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2013 Terrain SLT-1 (6 cyl / FWD)

I also have this problem with my Terrain.

I'm about to wade into it in the next few days.

No matter what buttons I press, I can't seem to get any air out of the dash/defroster vents.

The front defroster button illuminates when I press it, and goes dark when I press it again. If I cycle through the air direction "modes," the central display cycles through the proper flow indicators.

But the flow does not change.

The temperature IS controllable--so I know it's not the temperature actuator (I assume it moves some sort of door, too)


(I saw the instructions on how to do this on Page 1--THANK YOU! Is it me, or is Photo-Bucket intentionally blurring their images??)


If nothing else, I want to hear that dreaded click to confirm the gear internal to the actuator is shot. AND (from what I can tell), I have to determine--before I go and buy the replacement--if it has 5 pins or 6 to it.

https://www.rockauto.com/en/catalog...conditioning,heater+blend+door+actuator,10721

There's a "1st design" and "2nd design"--for the same year car? What the heck?!?


From this video, it looks like I can easily pop out the glove box and check the pin-count on the sister actuator on the RHS, which looks to be FAR more accessible!

 

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And can anyone tell me how that little red piece on the electrical is supposed to go back in? I had to take it off the RHS connector to remove the connector and check the pin count (pin count = 6), and I can't figure out how to get it back on! But the connector clicked in place, and the temperature control continues to work just fine, so I *think* I'm OK.
 

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And can anyone tell me how that little red piece on the electrical is supposed to go back in? I had to take it off the RHS connector to remove the connector and check the pin count (pin count = 6), and I can't figure out how to get it back on! But the connector clicked in place, and the temperature control continues to work just fine, so I *think* I'm OK.
The little red plastic piece is a lock to keep the two halves of the connector together.
It's not supposed to come off.
This happened to me a couple of times, I just put a thin zip tie on when you get both pieces together.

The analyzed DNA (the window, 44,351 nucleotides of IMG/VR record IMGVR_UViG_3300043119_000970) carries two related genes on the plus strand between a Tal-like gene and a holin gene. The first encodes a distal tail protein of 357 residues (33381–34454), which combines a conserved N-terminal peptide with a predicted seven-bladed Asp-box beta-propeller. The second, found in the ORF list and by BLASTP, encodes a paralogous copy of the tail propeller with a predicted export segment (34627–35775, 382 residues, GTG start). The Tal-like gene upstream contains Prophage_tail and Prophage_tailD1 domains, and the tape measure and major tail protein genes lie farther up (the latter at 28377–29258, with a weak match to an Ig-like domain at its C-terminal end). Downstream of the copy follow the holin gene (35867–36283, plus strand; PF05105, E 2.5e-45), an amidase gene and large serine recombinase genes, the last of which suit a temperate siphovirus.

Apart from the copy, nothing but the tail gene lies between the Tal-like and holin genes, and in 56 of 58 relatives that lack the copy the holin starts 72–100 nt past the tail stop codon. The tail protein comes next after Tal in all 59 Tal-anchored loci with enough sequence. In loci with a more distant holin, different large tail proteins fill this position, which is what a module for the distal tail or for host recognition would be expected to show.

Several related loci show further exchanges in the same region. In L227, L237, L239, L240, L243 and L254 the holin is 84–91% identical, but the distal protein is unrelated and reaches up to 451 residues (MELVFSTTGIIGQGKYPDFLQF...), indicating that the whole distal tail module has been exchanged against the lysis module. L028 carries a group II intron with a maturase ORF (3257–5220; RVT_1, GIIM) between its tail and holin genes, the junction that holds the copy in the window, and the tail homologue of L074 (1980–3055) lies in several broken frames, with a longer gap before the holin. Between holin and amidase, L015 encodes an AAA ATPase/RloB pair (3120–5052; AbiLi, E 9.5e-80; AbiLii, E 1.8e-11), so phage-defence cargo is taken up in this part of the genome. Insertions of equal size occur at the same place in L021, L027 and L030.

It happened to me on my 2014 Nox, on the MAF connector.
I wanted to fix it right so I got a replacement connector, took it apart, pulled the wires out of the old connector and slid them in the new connector.
Turned out perfect.

See link below, replacement connectors are available.
Yes all the way from China.
https://www.ebay.com/i/142643927202...MIybzd-PSy5gIVsR-tBh27LQBHEAQYAyABEgJhJPD_BwE
 

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Thanks! It looks like a safety-clip (redundant lock) for the connector.

Hopefully, I can fix it (and not screw up the other one) when I get the replacement actuator next week.
 

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I fixed the door mode actuator on 12/31/2019. Success! And thanks for the directions and pictures.

It only took me 3-1/2 hours. In the cold. Half in the dark. With it starting to drizzle. Upside down in the driver's seat (as warned).

Notes and pics to follow.

And, yes, I got that red clip back in place and learned how to pop it out a fraction of an inch--like you're supposed to--without disassembling the whole connector!
 

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And, yes, I got that red clip back in place and learned how to pop it out a fraction of an inch--like you're supposed to--without disassembling the whole connector!
:thumb:
 
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Just getting the fasteners removed to remove the original Mode Door Actuator is enough to loose some skin on my hands and arm.

I tried using some thinner work gloves and not keen on them when doing that kind of work. I usually end up dropping and fumbling/breaking something due to lack of feel. lol
 

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Notes from my successful repair:

To your list of tools, add a 1/4" 12-point socket. This is for the screws holding the actuator to the car.

You probably do not need a 3/8" drive ratchet.

I did this repair WITHOUT disconnecting the battery or any fuses. It all worked out fine.

When removing the panels--not all cars have the footwell light (mine did not).